Satellite view of Mount Fuji in autumn 2023
Nov 2023

Mount Fuji hit by global warming

Satellite 3D view of Mount Fuji

Honchu island in Japan is famous for its change of colors come autumn as reds, yellows and browns sneak into the trees’ foliage to wash away summer greens. Amazingly beautiful on the ground, this new finery turns out to be as impressive when seen from above. In just a month’s time, the transformations of world-famous Mount Fuji and its surroundings is simply stunning. And alarming.

Mount Fuji’s no-snow fall

Japan’s iconic volcano and tallest mountain at 3,776 meters is more often than not depicted or photographed with its snow cover on. Of course, Mount Fuji’s white garment is only visible for about five months of the year. Yet there should have been more snow up there in November. This absence is due to an unprecedented warm fall bringing unseasonably high temperatures over Japan. The phenomenon has been caused both by this year’s El Nino effect over the Pacific Ocean and by climate change, and could be more frequent in the years to come, experts say.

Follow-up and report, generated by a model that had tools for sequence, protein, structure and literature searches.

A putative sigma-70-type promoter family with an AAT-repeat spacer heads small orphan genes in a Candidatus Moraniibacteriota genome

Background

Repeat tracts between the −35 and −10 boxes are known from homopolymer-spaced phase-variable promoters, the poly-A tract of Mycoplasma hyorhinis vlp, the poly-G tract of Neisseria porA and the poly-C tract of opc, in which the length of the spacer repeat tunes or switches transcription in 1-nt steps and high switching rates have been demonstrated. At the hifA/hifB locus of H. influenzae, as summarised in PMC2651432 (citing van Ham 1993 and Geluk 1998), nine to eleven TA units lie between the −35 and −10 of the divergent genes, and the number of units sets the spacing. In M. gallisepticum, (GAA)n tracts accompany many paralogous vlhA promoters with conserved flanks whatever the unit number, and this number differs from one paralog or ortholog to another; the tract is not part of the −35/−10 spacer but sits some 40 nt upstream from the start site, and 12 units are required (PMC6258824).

Climate threat on Mount Fuji

Beyond this remarkable event, longer-term observations and analysis on top of Mount Fuji point to an ecosystemic alteration in the making. A 2020 study indeed evidenced a 2-degree rise in summer temperatures near the mountain’s peak over the past four decades. This warming effect, combined with an increase in CO2 concentration, is thought to have caused the tree line to climb an impressive 30 meters up slope, gradually transforming Mount Fuji’s barren landscape in its highest parts, and threatening its ecosystems.

Nimbo Earth Online with modified Copernicus Sentinel data (2022-2023)